Auto Braking Systems Upgraded By NHTSA

United States regulators have decided to add automatic braking to the growing list of technologies that are considered “beneficial to safety” in the National Highway Traffic Safety Administration (NHTSA) star-rating consumer advisory system.

According to a new report from Claims Journal, the regulatory body made the announcement during a meeting of automotive engineers in Washington, D.C. The decision was made with confidence based on conclusions drawn from “frontal and side crash tests as well as rollover propensity on a scale of one to five stars, with five being the highest score.”

Automatic braking systems will dynamically engage brakes whenever the car’s sensory systems sense an impending collision is near. Public comments were called for in 2012, so Thursday’s decision culminates a nearly three-year-long discovery protocol.

“This isn’t stuff we’re dreaming up,” Transportation Secretary Anthony Foxx said. “Over the last 50 years, we’ve seen how technology can make a difference.”

Part of that “difference” comes with a number attached to it. Over the last 54 years, U.S. regulators estimate that safety tech has led to the saving of 613,501 lives, the Transportation Department reports.

“Today marks an enormous leap in the evolution of auto safety by encouraging adoption of new technologies to keep drivers and their passengers safe on our roads,” Foxx said in a statement. “I want this department, the entire automotive industry, and other innovators to keep raising the bar on safety like we are doing now.”

In related news, the U.S. Energy Department plans to dispense $55 million in grants in support of the President’s “efforts to improve fuel economy and make plug-in electric vehicles more affordable,” CJ reports, adding that the grants “will go to companies working on advanced battery technologies, including those that improve efficiency and reduce cost, lightweight materials and improved combustion engines.”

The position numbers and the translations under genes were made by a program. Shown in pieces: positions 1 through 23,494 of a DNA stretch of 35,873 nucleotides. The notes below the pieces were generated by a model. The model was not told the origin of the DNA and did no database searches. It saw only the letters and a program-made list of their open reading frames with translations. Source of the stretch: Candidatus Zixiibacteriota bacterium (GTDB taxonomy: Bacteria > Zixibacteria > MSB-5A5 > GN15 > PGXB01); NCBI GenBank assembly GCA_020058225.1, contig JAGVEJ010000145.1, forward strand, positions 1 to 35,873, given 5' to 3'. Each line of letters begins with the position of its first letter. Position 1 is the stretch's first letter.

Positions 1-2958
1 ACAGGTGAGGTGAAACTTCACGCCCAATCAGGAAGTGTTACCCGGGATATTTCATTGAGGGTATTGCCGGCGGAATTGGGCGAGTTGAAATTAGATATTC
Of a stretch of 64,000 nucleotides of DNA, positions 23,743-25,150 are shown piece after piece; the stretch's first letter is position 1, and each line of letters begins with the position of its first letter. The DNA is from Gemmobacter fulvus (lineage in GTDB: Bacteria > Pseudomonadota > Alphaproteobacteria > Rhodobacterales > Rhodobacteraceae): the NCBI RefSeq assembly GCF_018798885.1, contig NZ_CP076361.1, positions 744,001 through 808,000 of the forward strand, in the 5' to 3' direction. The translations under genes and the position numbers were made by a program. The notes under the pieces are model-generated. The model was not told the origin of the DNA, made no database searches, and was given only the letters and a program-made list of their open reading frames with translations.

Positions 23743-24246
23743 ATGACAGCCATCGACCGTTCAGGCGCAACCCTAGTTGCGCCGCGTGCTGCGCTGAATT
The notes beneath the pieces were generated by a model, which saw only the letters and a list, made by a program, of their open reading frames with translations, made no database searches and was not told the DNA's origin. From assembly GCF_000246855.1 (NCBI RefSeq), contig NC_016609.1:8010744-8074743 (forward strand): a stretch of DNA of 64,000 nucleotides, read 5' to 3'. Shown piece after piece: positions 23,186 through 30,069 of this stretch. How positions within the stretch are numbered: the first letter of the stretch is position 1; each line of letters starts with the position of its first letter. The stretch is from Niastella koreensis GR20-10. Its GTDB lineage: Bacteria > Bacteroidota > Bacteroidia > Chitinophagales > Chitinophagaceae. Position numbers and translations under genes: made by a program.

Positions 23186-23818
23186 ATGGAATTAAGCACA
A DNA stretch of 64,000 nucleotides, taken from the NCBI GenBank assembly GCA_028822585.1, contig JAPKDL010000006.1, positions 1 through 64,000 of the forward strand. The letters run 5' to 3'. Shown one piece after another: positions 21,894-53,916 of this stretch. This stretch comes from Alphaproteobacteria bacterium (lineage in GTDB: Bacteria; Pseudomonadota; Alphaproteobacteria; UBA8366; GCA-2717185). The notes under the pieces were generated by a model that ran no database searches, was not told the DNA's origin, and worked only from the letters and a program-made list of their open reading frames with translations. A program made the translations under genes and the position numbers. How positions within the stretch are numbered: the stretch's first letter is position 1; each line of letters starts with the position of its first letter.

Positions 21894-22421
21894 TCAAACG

As an agent, today’s news is something that you can pass along for the benefit of customers for a number of reasons.

 

First, safety technologies really do save lives.

The impact of more than 600,000 people alive, who would otherwise have, in all likelihood, died from collisions is too real to ignore. While there is no guarantee things like automatic braking or rear-cameras or seat belts will automatically save lives, the research is there to show their effectiveness across an extended period of time. The Transportation Department’s own figures come from studies they’ve conducted since 1960, and it’s likely that you have someone on your customer list, who has benefitted from some form of safety tech over the years.

 

Second, the addition of automatic braking is just one more area where customers can potentially save.

For this the NHTSA has made it easy for customers, who may find themselves looking for a new car. The organization’s New Car Assessment Program, which publishes results of crash tests, “will now also list cars on the agency website that have the recommended safety technologies,” CJ reports, adding that this will include “those that automatically apply brakes if sensors indicate a crash is imminent or that apply extra force to brakes if the driver isn’t braking hard enough.”

The regulatory body also “maintains a list of recommended auto safety technologies, such as back-up cameras and warning systems that alerts a driver when their vehicle has moved out of its lane.”

By passing along these resources to customers in the market for a car, you can help them make a purchase that is most likely to save them money on their car insurance.

 

In Summary

Technology has made enormous advancements in the field of auto safety, and it can benefit both your auto insurance leads and customers in a number of ways, though they might not have all the information necessary to make the most informed decision. As an agent, this is just one more area where you can add value to client relationships.

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